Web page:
You would find case law in NZ would beg to differ. Many industries have limits on what they can trade, do, or catch, especially in relation to animal welfare.

If a limit was put on the amount of Greyhounds breed, case law would favour the limitations in my opinion, especially when you start questioning how 1800-2500 dogs are bred and imported each year, and only 500 are rehomed on a good year

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1 hour ago, Rules For Some said:

You would find case law in NZ would beg to differ. Many industries have limits on what they can trade, do, or catch, especially in relation to animal welfare.

If a limit was put on the amount of Greyhounds breed, case law would favour the limitations in my opinion, especially when you start questioning how 1800-2500 dogs are bred and imported each year, and only 500 are rehomed on a good year

A quota system might work in terms of keeping the public onside but it would favor the bigger kennels.
Not sure where you get those figures but I have a feeling you're well wide of the mark

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2 hours ago, ridiculous said:

A quota system might work in terms of keeping the public onside but it would favor the bigger kennels.
Not sure where you get those figures but I have a feeling you're well wide of the mark

I don't agree that it would favour any kennel large or small. If a limit was set it would apply to all kennels across the board. Limits on breeding numbers and numbers raced could not be increased with a financial penalty as a deterrent. The current choice to go big is just that, personal choice. But that choice puts in jeopardy the longevity of the sport and the future of all its participants. We need to hold on to our membership and grow by encouraging new blood into the sport. Realistically who wants to enter an industry that is stacked against them from the onset? If the participant numbers continue to drop we risk closure within 10 years.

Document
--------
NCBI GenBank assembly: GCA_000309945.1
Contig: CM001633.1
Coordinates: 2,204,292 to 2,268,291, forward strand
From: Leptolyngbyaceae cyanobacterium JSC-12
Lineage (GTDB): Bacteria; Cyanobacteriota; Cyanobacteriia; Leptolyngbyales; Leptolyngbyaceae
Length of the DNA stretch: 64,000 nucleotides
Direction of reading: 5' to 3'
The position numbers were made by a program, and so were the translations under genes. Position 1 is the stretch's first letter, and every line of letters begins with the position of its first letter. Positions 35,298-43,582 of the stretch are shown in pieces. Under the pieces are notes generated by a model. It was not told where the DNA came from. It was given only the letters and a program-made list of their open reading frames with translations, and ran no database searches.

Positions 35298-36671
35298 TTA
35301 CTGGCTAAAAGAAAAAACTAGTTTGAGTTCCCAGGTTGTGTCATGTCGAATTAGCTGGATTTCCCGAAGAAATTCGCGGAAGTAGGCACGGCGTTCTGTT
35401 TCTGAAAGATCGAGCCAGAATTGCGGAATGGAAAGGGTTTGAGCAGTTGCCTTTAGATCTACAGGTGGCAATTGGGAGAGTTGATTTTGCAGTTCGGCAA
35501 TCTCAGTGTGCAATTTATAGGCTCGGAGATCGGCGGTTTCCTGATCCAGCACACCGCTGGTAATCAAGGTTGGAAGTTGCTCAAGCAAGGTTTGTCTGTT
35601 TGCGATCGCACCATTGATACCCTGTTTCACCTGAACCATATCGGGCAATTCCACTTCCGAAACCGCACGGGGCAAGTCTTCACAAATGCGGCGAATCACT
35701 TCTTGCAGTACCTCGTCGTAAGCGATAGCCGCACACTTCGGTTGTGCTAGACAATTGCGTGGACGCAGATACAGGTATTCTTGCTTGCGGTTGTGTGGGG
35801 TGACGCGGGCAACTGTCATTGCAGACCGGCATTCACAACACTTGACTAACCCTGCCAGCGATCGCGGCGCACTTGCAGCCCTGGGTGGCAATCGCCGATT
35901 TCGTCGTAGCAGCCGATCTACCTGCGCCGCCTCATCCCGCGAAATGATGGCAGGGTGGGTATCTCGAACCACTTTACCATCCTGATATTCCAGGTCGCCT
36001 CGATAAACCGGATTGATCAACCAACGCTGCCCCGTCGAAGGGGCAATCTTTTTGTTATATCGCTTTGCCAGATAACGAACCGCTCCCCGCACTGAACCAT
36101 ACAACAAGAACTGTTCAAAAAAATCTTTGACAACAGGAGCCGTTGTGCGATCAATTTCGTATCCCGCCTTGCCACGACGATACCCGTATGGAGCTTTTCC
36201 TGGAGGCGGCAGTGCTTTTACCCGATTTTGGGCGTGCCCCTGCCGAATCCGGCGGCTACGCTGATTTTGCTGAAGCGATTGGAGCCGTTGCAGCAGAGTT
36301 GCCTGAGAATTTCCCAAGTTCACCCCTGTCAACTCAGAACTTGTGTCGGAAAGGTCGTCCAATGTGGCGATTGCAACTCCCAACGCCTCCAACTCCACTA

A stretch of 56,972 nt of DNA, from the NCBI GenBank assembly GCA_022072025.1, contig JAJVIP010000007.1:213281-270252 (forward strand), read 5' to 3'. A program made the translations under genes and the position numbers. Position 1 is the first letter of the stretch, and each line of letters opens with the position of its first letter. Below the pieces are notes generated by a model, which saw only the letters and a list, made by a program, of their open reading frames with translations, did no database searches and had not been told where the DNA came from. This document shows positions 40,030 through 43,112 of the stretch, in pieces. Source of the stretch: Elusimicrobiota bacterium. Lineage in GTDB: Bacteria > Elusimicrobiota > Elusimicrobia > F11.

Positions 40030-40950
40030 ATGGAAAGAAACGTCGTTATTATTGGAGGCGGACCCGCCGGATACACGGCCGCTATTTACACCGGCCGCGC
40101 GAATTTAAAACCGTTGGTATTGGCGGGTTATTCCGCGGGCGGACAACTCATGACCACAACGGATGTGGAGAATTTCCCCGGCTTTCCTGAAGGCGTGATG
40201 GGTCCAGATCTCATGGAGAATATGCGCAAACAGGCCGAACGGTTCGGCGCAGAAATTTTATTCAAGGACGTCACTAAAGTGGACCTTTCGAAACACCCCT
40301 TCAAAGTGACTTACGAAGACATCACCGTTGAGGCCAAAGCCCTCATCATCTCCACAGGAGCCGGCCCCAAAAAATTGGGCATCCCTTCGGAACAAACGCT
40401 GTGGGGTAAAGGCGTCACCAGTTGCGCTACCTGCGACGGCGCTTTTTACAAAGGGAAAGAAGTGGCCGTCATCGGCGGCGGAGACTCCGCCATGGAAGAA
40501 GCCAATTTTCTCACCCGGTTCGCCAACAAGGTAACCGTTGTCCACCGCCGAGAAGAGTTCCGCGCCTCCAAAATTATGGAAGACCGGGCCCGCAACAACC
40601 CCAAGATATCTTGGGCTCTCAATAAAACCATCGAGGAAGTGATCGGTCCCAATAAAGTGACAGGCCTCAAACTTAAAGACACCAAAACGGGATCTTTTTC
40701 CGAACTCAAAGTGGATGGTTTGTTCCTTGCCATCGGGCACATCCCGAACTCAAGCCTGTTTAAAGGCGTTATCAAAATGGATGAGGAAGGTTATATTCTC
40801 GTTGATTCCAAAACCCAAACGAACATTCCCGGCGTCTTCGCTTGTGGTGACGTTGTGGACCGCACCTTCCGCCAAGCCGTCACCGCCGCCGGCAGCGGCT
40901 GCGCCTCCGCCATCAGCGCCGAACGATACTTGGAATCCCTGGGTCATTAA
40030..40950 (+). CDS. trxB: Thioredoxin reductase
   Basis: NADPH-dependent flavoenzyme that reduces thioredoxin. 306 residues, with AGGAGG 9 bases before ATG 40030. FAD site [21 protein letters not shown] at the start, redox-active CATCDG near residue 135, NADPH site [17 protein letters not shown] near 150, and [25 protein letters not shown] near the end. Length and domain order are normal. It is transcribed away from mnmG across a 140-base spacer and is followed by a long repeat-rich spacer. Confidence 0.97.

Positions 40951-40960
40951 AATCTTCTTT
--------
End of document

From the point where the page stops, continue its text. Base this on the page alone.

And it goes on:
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3 hours ago, ridiculous said:

A quota system might work in terms of keeping the public onside but it would favor the bigger kennels.
Not sure where you get those figures but I have a feeling you're well wide of the mark

I am unsure how many dogs are bred and imported each year. That was just a random estimate. I do know the official number of rehomed dogs sits around 500, give or take a 100. I could also imagine there would be another 100 or maybe even 200 unofficially rehomed

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1 hour ago, Emotive said:

I don't agree that it would favour any kennel large or small. If a limit was set it would apply to all kennels across the board. Limits on breeding numbers and numbers raced could not be increased with a financial penalty as a deterrent. The current choice to go big is just that, personal choice. But that choice puts in jeopardy the longevity of the sport and the future of all its participants. We need to hold on to our membership and grow by encouraging new blood into the sport. Realistically who wants to enter an industry that is stacked against them from the onset? If the participant numbers continue to drop we risk closure within 10 years. 

Realistically, anyone who wants to enter into an animal racing, sport industry needs to have quality animals. You're only as good a trainer as the animal you have to train.

Whether there's a quota or not, small or big Kennels with well bred, fast dogs will still be winniing the majority of races over small or big kennels with slow dogs! 

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5 minutes ago, Virtual.Stipe said:

Realistically, anyone who wants to enter into an animal racing, sport industry needs to have quality animals. You're only as good a trainer as the animal you have to train.

Whether there's a quota or not, small or big Kennels with well bred, fast dogs will still be winniing the majority of races over small or big kennels with slow dogs! 

You totally missed my point. My post wasn't about what trainers earn, it is about sustainability and public license.